Attention Deficit and Hyperactivity Disorder (ADHD) is believed to affect between five and ten percent of the population. The condition appears to be hereditary. Over thirty percent of children diagnosed with ADHD have a parent who has the condition. Normally, it is the child’s teacher that picks up the behavioral problems associated with ADHD. Approximately three times as many boys as girls are diagnosed with ADHD, but this may be partly due to symptoms going unnoticed in girls, as they tend to be less disruptive. Girls with ADHD will, however, have the same academic and social problems as boys.
Children with ADHD have difficulty socializing. Undiagnosed or untreated ADHD can have serious consequences including parental conflict, substance abuse, depression and anxiety and learning disabilities. Fortunately, in the case of substance abuse, there are professionals who can help people with addiction.
The common symptoms of ADHD are:
- Hyperactivity which may include talking excessively, fidgeting, inability to remain seated, difficulty in engaging in social activities, excessive running and climbing and a short temper
- Inattention includes failing to pay attention, making many mistakes, failure to complete tasks, being easily diverted, appearing not to listen when spoken to, not following instructions, frequently losing things.
- Impulsivity includes being unable to wait, not considering the consequences of actions taken, problems with self-control, recklessness, impatience, tactlessness, interrupting others and temper tantrums. Ari Tuckman, PsyD, wrote, “People with ADHD tend to feel and express their emotions more strongly.”
The ADHD sufferer may not suffer from all of the symptoms equally, although most sufferers do have all three. Joel L. Young, MD, wrote, “While hyperactivity is one telltale sign of ADHD, not being hyper does not mean a person lacks an attention condition.” Those who suffer from inattention only, may not be diagnosed, as they do not cause disruption in their environment. They may be seen as dreamers, but they will still have problems with task completion. Those suffering from impulsive behavior are often a danger to themselves.
The symptoms of ADHD will have a negative impact on both academic results and social interactions and up to 60% of people suffering from ADHD also suffer from other disorders.
About fifty percent of people diagnosed with ADHD also suffer from Oppositional Defiant Disorder ODD. This is characterized by antisocial behaviors such as stubbornness, temper tantrums, refusing to follow rules, anger, and resentment.
Twenty percent have Conduct Disorder CD. Sometimes described as delinquency, it involves repeated attempts to break the rules of society without getting caught.
Joel Nigg, PhD, wrote, “ADHD is the earliest onset disorder of the common psychiatric conditions. Its median age of diagnosis precedes addictions, conduct problems, anxiety disorders, eating disorders, psychosis, and depression.”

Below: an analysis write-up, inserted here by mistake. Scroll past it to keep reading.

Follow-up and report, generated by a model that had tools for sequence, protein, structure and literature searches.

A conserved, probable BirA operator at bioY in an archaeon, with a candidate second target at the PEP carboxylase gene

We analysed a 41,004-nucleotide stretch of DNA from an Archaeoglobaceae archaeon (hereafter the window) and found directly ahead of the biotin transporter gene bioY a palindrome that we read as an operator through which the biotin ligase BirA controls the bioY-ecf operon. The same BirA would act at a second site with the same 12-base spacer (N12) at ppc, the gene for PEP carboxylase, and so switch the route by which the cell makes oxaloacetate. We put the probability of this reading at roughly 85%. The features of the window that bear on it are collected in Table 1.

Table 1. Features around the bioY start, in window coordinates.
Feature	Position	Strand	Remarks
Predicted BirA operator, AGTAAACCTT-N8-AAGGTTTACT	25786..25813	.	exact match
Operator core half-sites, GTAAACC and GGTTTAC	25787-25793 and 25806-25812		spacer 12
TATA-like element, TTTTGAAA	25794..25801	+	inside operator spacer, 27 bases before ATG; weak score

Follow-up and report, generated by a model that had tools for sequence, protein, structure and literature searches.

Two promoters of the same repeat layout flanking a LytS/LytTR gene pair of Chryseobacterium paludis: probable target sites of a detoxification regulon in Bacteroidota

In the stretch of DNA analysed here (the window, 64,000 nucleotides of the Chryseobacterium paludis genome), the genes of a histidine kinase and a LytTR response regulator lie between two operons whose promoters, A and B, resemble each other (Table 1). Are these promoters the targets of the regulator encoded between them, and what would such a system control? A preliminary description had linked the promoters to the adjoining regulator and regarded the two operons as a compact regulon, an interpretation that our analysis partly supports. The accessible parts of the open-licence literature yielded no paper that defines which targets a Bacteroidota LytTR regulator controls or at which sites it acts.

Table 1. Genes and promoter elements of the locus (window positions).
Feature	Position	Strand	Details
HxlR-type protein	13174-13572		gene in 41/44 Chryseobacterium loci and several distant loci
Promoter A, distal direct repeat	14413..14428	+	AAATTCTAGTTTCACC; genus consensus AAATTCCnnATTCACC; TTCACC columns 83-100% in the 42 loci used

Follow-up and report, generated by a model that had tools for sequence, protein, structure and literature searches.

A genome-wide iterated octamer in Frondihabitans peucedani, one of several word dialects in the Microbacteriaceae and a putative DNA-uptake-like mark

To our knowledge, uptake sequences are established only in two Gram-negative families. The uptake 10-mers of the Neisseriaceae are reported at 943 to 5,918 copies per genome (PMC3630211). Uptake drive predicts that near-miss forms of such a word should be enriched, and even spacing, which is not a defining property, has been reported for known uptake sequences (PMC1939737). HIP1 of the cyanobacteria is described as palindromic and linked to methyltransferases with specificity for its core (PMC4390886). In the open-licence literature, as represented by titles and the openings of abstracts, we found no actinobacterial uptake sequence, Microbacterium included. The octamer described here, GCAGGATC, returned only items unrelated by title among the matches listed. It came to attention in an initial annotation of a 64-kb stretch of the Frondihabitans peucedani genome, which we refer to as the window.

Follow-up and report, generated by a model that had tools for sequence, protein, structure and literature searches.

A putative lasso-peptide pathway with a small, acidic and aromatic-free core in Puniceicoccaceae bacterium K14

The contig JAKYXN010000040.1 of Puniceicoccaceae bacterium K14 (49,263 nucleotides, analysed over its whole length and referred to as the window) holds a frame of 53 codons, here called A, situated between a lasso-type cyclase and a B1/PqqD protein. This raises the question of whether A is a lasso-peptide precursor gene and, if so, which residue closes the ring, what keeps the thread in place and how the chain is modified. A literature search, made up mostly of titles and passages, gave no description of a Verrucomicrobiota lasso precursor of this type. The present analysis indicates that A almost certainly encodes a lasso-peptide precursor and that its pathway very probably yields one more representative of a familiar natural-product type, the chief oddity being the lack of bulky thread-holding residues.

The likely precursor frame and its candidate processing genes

Associated mood disorders can include bipolar disorder, particularly if there is a family history of bipolar, depression, anxiety, Tourettes, and substance abuse.
The Diagnosis of ADHD is difficult and eliminating other conditions known to cause similar symptoms often shows how the diagnosis is arrived at. At the time of the diagnosis, the possibility of co-existing conditions must also be analyzed.
Usually, a pediatrician and a psychologist carry out an assessment. The assessment will take account of the child’s academic, social and emotional functioning. The teachers and parents will be interviewed to ascertain the child’s history. The doctors will first try to eliminate possible environmental, social and physical causes of the behavior.
The diagnosis of ADHD will require the presence of the following:
- At least six symptoms must have been present for more than six months
- The symptoms must be the cause of significant social and academic impairment
- The symptoms must have been present in at least two different settings
- Some of the symptoms must have been present before the age of seven
Medication is not always required and it should never be the only treatment for ADHD. Environmental factors should also be addressed by introducing behavioral therapy and parent and teacher support. Children with ADHD function far better in a structured environment so treatment often begins with the training of the parents. There are effective ways in which parents can assist in correcting behavioral problems resulting from ADHD. Modification of the physical and emotional environment of the child is used to help the child to modify his behavior. Behavioral therapy whereby the child is offered rewards for good behavior has proven helpful. Removal of privileges can be used to punish bad behavior.
Parents who suspect that their child may be afflicted by ADHD should have the child assessed by professionals trained to do this. Failure to correctly diagnose and treat this disorder can lead to major problems when the child reaches adolescence. Treatment and environmental adaptation can ensure that the child and his parents manage the symptoms for a happier outcome.